Add `BufReader::grow_buffer`

Right now, the BufReader type provides no guarantees about the minimum length of the buffer returned by buffer / fill_buf. And contrary to the name, fill_buf doesn't actually increase the size of the internal buffer unless it is currently empty. This can be rather frustrating for some cases when you want to decode from it without adding their own second layer of buffering. A slightly contrived example:

struct ReadHashed<R: Read> {
    reader: BufReader<R>,
}
impl<R: Read> ReadHashed<R> {
    fn read(&mut self) -> std::io::Result<u64> {
        let buf = self.reader.fill_buf()?;
        if buf.len() == 0 {
            Err(Error::from(ErrorKind::UnexpectedEof))
        } else if buf.len() >= 64 {
            let h = hash(&buf[..64]);
            self.reader.consume(64);
            Ok(h)
        } else {
            // XXX: I guess we have to do our own second level
            // of buffering here? This would be even worse if we
            // didn't know a precise number of bytes to pass to
            // read_exact.
            let mut v = vec![0; 64];
            self.reader.read_exact(&mut v)?;
            Ok(hash(&buf[..64]))
        }
    }
}

This situation could be alleviated with an additional function on BufReader (exact return type TBD):

impl<R: Read> BufReader<R> {
    /// Increase the size of the internal buffer if 
    /// there is more input and it isn't already full.
    fn grow_buffer(&mut self) -> Result<usize> {
        if self.buffer().len() == self.buf.len() {
             return Ok(0); // internal buffer is full
        }

       // Actual code has to deal with uninitialized memory, 
       // but this is the general idea:
    
       if self.pos != 0 {
           self.buf.copy_within(self.pos..self.cap, 0);
           self.cap -= self.pos;
           self.pos = 0;
       }
       let n = self.inner.read(&mut self.buf[self.cap..])?;
       self.cap += n;
       return Ok(n);
    }
}

By "increase the size of the internal buffer", I think you mean "read more data into the internal buffer", yes?

A BufReader's buffer isn't intended to grow like a Vec does. It's a fixed size array with a certain capacity.

If you want to consume 64 bytes at a time you don't need to—and shouldn't—access the buffer directly. fill_buf and consume are low-level methods that one shouldn't normally need to call. You can instead have all the reads use read_exact and not worry about the state or size of the buffer at all.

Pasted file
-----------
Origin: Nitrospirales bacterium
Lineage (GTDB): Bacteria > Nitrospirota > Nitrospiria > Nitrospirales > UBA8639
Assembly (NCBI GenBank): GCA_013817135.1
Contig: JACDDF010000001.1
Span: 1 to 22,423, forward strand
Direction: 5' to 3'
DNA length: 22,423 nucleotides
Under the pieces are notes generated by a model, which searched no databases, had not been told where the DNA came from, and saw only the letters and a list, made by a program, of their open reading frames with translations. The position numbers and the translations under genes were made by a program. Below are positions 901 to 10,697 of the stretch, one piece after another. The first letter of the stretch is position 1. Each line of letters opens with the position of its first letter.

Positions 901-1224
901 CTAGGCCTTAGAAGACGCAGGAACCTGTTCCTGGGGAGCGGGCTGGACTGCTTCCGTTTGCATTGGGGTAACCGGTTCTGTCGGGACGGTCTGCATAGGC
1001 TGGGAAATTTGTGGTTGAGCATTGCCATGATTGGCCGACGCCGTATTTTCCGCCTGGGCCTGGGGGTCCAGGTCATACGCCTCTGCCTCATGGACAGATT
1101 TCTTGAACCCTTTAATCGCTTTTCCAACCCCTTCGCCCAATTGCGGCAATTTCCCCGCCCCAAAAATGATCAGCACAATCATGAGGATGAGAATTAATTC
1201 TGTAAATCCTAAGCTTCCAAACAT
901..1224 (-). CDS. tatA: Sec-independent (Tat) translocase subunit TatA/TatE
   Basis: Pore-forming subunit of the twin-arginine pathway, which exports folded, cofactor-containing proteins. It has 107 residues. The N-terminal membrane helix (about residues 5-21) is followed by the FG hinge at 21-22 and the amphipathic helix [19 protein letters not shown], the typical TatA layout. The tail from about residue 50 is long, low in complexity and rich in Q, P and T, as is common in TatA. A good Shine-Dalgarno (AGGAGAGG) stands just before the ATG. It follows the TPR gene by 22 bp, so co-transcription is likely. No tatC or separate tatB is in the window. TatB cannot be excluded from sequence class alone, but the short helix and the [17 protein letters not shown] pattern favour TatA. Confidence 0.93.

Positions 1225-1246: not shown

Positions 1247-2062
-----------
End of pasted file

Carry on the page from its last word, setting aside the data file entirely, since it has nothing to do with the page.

impl<R: Read> ReadHashed<R> {
    fn read(&mut self) -> std::io::Result<u64> {
        let mut v = vec![0; 64];
        self.reader.read_exact(&mut v)?;
        Ok(hash(&v))
    }
}

This means that ReadHashed doesn't even need to require the reader be a BufReader. It could very well just operate directly on the original R: Read object and let the user decide if buffering is required. That way if they've already got a BufReader it wouldn't be wrapped in another layer of buffering by ReadHashed.

struct ReadHashed<R: Read> {
    reader: R,
}

A BufReader 's buffer isn't intended to grow like a Vec does. It's a fixed size array with a certain capacity.

I'm not imagining growing the buffer beyond the initially created capacity. Rather, if there's currently or 1 or 2 bytes left in the internal buffer, I'd like to be able to peak further into the stream without consuming those bytes first.

If you want to consume 64 bytes at a time you don't need to—and shouldn't—access the buffer directly. fill_buf and consume are low-level methods that one shouldn't normally need to call. You can instead have all the reads use read_exact and not worry about the state or size of the buffer at all.

The example is a bit contrived, but the point I'm trying to get at here is wanting to avoid the extra allocation + copy and be able to handle cases where the number of bytes to consume might not be so predictable.

Or viewed differently: I'd like to implement a type basically with the same functionality as BufReader. It should read big chunks from its input without necessarily knowing in advance the total input length, should be able to operate on the un-consumed data read so far in a single contiguous buffer, and should periodically consume prefixes of the input to pass along to a user.

One option (as you point out) is to simply implement this functionality myself. However, increasingly this is going to look just like a re-implementation of BufReader with the one additional method I'm proposing.